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Destructure in Every Function

  1. // read through the comments of this snippet...
  2.  
  3. function dist1(x1, y1, x2, y2) {
  4.   const dx = x1 - x2
  5.   const dy = y1 - y2
  6.   return Math.sqrt(dx**2 + dy**2)
  7. }
  8.  
  9. function dist2({x1, y1, x2, y2}) {
  10.   const dx = x1 - x2
  11.   const dy = y1 - y2
  12.   return Math.sqrt(dx**2 + dy**2)
  13. }
  14.  
  15. // What's the difference here... well
  16. dist1(50, 50, 100, 100)
  17.  
  18. // vs
  19.  
  20. dist2({ x1: 50, y1: 50, x2: 100, y2: 100 })
  21.  
  22. // so what?
  23.  
  24. // With `dist2` the order of the arguments doesn't matter
  25. // and the arguments are named now as a result of being keys
  26. // in an object
  27.  
  28. // How many times have you changed a core function or method as you're
  29. // working on a project?
  30.  
  31. // Let's see another example:
  32.  
  33. // circle(100, 200, 300, 'red', 'blue', 0, 0)
  34.  
  35. // Can you guess what those arguments are? It's not really a big deal
  36. // and editors help with this, typescript helps with this... but what about:
  37.  
  38. circle({ 
  39.   x: 10, 
  40.   y: 110, 
  41.   radius: 120, 
  42.   fill: 'red', 
  43.   stroke: 'blue', 
  44.   velocityX: 0, 
  45.   velocitY: 0
  46. })
  47.  
  48. // how about...
  49. circle({ radius: 50, fill: 'blue' })
  50.  
  51. // or...
  52. circle({ stroke: 'green', x: 40, velocityX: 1 })
  53.  
  54. // etc...
  55. circle({ 
  56.   radius: 50,
  57.   stroke: 'black', x: 200, 
  58.   fill: 'teal',
  59.   velocityY: 1, velocityX: -1 })
  60.  
  61. // In combination with default arguments we end up with a very easy pattern for functions/methods
  62. // with a complex argument signature. gsap (aka TweenLite/TweenMax) has used this pattern for many
  63. // years. I've seen similar things in many languages...
  64.  
  65. // How does the circle function look?
  66.  
  67. function circle({ 
  68.   x = 0, y = 0, 
  69.   radius = 30, 
  70.   fill = 'black', 
  71.   stroke = 'transparent', 
  72.   velocityX = 0, velocityY = 0}) {
  73.  
  74.   const diam = radius * 2;
  75.  
  76.   const circle = document.body.appendChild(
  77.     Object.assign(
  78.       document.createElement('div'), 
  79.       { style: `
  80.         position: absolute;
  81.         left: ${x}px;
  82.         top: ${y}px;
  83.         width: ${diam}px;
  84.         height: ${diam}px;
  85.         background: ${fill};
  86.         border: 3px solid ${stroke};
  87.         border-radius: 100%;
  88.       `
  89.       }
  90.     )
  91.   )
  92.   if (velocityX != 0 || velocityY != 0) {
  93.     setInterval(() => {
  94.       x += velocityX
  95.       y += velocityY
  96.       circle.style.left = `${x}px`
  97.       circle.style.top = `${y}px`
  98.     }, 16)
  99.   }
  100.   return circle
  101. }
  102.  
  103.  
  104. // here is a golfed distance function - for no reason
  105. d=(a,b,c,d,e=a-c,f=b-d)=>Math.sqrt(e*e+f*f)
  106. console.log(
  107.   dist1(0, 0, 140, 140) ===
  108.   d(0, 0, 140, 140)
  109. )

Map vs WeakMap

  1. const map = new Map()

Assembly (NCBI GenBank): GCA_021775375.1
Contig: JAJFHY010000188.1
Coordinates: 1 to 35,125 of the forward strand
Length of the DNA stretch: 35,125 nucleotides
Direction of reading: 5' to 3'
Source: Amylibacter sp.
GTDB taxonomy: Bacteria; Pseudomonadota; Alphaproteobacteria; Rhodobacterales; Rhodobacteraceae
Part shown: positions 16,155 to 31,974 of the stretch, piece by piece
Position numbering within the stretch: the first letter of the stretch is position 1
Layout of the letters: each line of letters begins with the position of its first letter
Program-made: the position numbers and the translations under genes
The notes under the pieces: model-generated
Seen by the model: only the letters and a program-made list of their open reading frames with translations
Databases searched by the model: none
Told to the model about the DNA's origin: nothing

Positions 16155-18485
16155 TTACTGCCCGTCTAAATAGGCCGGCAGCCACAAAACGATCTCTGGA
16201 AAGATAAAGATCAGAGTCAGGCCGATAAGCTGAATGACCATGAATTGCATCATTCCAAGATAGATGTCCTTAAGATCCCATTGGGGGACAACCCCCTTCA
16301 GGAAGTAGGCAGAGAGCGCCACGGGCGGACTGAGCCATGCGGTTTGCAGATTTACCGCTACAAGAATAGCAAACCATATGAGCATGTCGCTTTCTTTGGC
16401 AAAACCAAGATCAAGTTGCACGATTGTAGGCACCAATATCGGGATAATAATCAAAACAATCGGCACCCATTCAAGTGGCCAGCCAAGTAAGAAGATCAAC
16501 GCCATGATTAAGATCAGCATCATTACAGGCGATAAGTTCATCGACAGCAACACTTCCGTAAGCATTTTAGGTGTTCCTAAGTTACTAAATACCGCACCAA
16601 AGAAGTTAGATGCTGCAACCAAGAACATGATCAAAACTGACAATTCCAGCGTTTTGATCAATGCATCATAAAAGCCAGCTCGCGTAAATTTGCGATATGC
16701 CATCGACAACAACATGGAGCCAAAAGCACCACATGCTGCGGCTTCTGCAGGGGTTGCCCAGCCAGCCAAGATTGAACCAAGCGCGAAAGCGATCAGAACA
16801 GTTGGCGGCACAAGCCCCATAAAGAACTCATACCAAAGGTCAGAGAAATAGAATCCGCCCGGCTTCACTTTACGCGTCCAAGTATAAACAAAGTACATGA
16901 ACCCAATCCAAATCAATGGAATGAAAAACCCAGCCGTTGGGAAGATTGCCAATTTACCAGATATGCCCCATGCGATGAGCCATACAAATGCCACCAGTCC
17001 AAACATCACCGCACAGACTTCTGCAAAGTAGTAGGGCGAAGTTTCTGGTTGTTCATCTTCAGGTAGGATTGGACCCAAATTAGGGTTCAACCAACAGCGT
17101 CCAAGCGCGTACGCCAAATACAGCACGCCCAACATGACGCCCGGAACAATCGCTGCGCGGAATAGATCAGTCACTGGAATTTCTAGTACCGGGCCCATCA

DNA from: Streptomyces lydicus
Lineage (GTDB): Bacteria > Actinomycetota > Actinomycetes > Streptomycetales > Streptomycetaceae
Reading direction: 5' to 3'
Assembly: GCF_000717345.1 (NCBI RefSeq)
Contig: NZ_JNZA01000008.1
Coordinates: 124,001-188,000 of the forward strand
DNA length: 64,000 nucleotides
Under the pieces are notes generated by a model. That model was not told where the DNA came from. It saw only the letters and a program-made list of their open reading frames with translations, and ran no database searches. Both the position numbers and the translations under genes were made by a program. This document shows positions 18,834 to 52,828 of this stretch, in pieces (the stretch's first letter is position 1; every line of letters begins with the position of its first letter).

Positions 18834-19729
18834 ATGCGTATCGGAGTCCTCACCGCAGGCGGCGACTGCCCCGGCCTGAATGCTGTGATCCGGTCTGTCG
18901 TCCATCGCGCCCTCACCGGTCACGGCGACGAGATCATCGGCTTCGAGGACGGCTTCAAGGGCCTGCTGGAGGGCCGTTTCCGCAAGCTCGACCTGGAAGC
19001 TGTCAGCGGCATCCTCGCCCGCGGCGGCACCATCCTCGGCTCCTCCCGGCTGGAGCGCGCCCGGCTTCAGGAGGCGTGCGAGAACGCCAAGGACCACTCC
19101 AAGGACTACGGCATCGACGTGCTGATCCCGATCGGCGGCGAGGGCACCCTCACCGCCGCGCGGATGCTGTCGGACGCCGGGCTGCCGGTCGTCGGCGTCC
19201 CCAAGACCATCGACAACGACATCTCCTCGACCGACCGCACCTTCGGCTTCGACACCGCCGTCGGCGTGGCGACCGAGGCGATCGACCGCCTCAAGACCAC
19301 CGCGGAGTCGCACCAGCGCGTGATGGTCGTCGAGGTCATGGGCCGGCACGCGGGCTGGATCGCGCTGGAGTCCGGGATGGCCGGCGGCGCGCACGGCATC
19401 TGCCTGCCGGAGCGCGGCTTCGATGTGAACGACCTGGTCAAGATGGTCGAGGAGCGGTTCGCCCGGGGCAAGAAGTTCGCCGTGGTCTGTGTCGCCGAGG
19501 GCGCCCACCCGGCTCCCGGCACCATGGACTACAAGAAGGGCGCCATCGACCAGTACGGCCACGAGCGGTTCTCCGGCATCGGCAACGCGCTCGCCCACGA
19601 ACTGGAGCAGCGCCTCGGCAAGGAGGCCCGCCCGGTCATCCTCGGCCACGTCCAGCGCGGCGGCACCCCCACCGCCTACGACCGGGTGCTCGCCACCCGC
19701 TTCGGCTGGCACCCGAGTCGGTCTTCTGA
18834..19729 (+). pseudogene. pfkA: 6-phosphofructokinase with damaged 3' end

2.  
  3. map.set(1, 'one')
  4.  
  5. console.log(map.get(1))
  6.  
  7. const weakMap = new WeakMap()
  8.  
  9. // this will fail with an error:
  10. // weakMap.set(1, 'one')
  11.  
  12. // console.log(weakMap.get(1))

Noticed this gotcha the other day. For some reason WeakMap can’t have integers as keys. After years of using WeakMap I guess I’ve only ever used objects as keys and assumed it could just have keys of any type. Using a Map instead solves the problem, but you’ll need to be careful to manager your references to properly clear the Map. Anyway, just one of those things… Maybe I’ll write more about it when I have some time to dig deeper.

Toggle a Class

  1. // lazy hack for css
  2. document.body.innerHTML = `
  3.   <style> 
  4.     button { 
  5.       cursor: pointer; 
  6.     }
  7.     .red { 
  8.       background-color: red; 
  9.     } 
  10.   </style>
  11. `
  12.  
  13. const btn = document.body.appendChild(
  14.   Object.assign(
  15.     document.createElement('button'), 
  16.     { innerText: 'click me' }
  17.   )
  18. )
  19.  
  20. btn.addEventListener('click', e => {
  21.   e.target.classList.toggle('red')
  22. })

classList.toggle brings back memories…

// css // dom // ui

Decompose Matrix

  1. const deltaTransformPoint = (matrix, point) => {
  2.   return {
  3.     x: point.x * matrix.a + point.y * matrix.c,
  4.     y: point.x * matrix.b + point.y * matrix.d
  5.   }
  6. }
  7.  
  8. const decomposeMatrix = matrix => {
  9.   let px = deltaTransformPoint(matrix, { x: 0, y: 1 })
  10.   let py = deltaTransformPoint(matrix, { x: 1, y: 0 })
  11.   let skewX = FROM_RADS * Math.atan2(px.y, px.x) - 90
  12.   let skewY = FROM_RADS * Math.atan2(py.y, py.x)
  13.  
  14.   return {
  15.     tx: matrix.e,
  16.     ty: matrix.f,
  17.     scaleX: Math.sqrt(matrix.a * matrix.a + matrix.b * matrix.b),
  18.     scaleY: Math.sqrt(matrix.c * matrix.c + matrix.d * matrix.d),
  19.     skewX: skewX,
  20.     skewY: skewY,
  21.     rotation: skewX
  22.   }
  23. }

Get the scale, translation, rotationa and skew values from a matrix.

Great stackoverflow answer from user dave

// graphics // math // matrix

Bad JavaScript Poem

  1. with (self) with (Math){ typeof self
  2. with (window) with (sin) if (true) self }

This could be dangerous. Bad js poetry:

With self With Math Type of self With window With sin If true self

:/

// humor
snippet.zone ~ 2021-22 /// {s/z}